Art or Vandalism?

Massive scribbles on an auto shop wall in Lincoln Heights

In my community, it’s difficult not to notice the spray paint markings on public property.  Looking at one of these markings, one may automatically assume the markings on the property is a symbol that marks the property of a gang.  At first glance, the intution may be correct, however, the stigma of thinking that way is dangerous when considering that not every marking on public property is always going to be a gang related activity.

When considering that graffiti itself too is an art form, it’s difficult to say graffiti is only a gang activity since not all markings on public properties are used to mark and promote that intention. For all we know – at least, to the untrained eyes, it could be an artist’s way of communicating his / her work to a specific targeted group of audience.

So if you were to stroll through the Lincoln Heights neighborhood, you would notice markings of words and murals on the walls of local business shops and on school campuses. Then you would ask yourself  ‘are these works mere scribbles and writings on the wall art or are they a representation of vandalism masked as art?’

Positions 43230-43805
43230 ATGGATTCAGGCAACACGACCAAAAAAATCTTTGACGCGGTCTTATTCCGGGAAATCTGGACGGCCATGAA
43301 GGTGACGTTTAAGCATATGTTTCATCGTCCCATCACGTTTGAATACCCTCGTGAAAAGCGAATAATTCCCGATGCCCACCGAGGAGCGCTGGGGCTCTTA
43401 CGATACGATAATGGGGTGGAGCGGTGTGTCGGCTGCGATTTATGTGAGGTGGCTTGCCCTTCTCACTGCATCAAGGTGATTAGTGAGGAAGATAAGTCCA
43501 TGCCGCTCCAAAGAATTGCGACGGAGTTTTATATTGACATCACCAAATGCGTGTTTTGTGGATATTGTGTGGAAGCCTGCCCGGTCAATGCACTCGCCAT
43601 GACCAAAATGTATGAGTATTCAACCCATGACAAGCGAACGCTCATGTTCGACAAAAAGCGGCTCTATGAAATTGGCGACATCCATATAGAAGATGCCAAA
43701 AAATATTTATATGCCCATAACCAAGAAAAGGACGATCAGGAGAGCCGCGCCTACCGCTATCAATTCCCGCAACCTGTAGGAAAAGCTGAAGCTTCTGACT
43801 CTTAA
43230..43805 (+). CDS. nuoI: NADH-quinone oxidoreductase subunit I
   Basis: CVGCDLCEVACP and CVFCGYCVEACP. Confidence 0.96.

Of course, the murals on the walls of small businesses and schools would have given the artist(s) permission to paint and write on their walls as opposed to other painting or scribbles that are done on public properties that may not have had permission in the first place.

But my curiosity here isn’t just based on who has permission to paint on who’s  property, but instead, is focused on understanding the painting itself done on any wall. To simply put it: what’s art? and how do you define art? is there a clear, and universal way to define what art is so everyone would agree and accept its terms?

Below are some pictures taken in the community of Lincoln Heights:

(please click on a picture to enlarge the image)

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2 thoughts on “Art or Vandalism?”

  1. If there are gangs signs on the walls, then that is vandalism. What I see is more art because I see no signs of violence on the walls.

  2. It’s vandalism, all of it, masked as art. Even with the property owner’s permission. If the property owner didn’t pay the mordido for the mural or “artwork” the owner would have, instead, just more and even uglier vandalism. So it’s quite literally a form of open extortion. Worse than that, the whole of the presence of this vandalism, elevated to a status of respect as art, reinforces and gives a vulgar legitimacy to the gang culture – which gives legitimacy to murder and violence. Murder and violence are good and justified, says the grafitti art, whether “authorized “or not.

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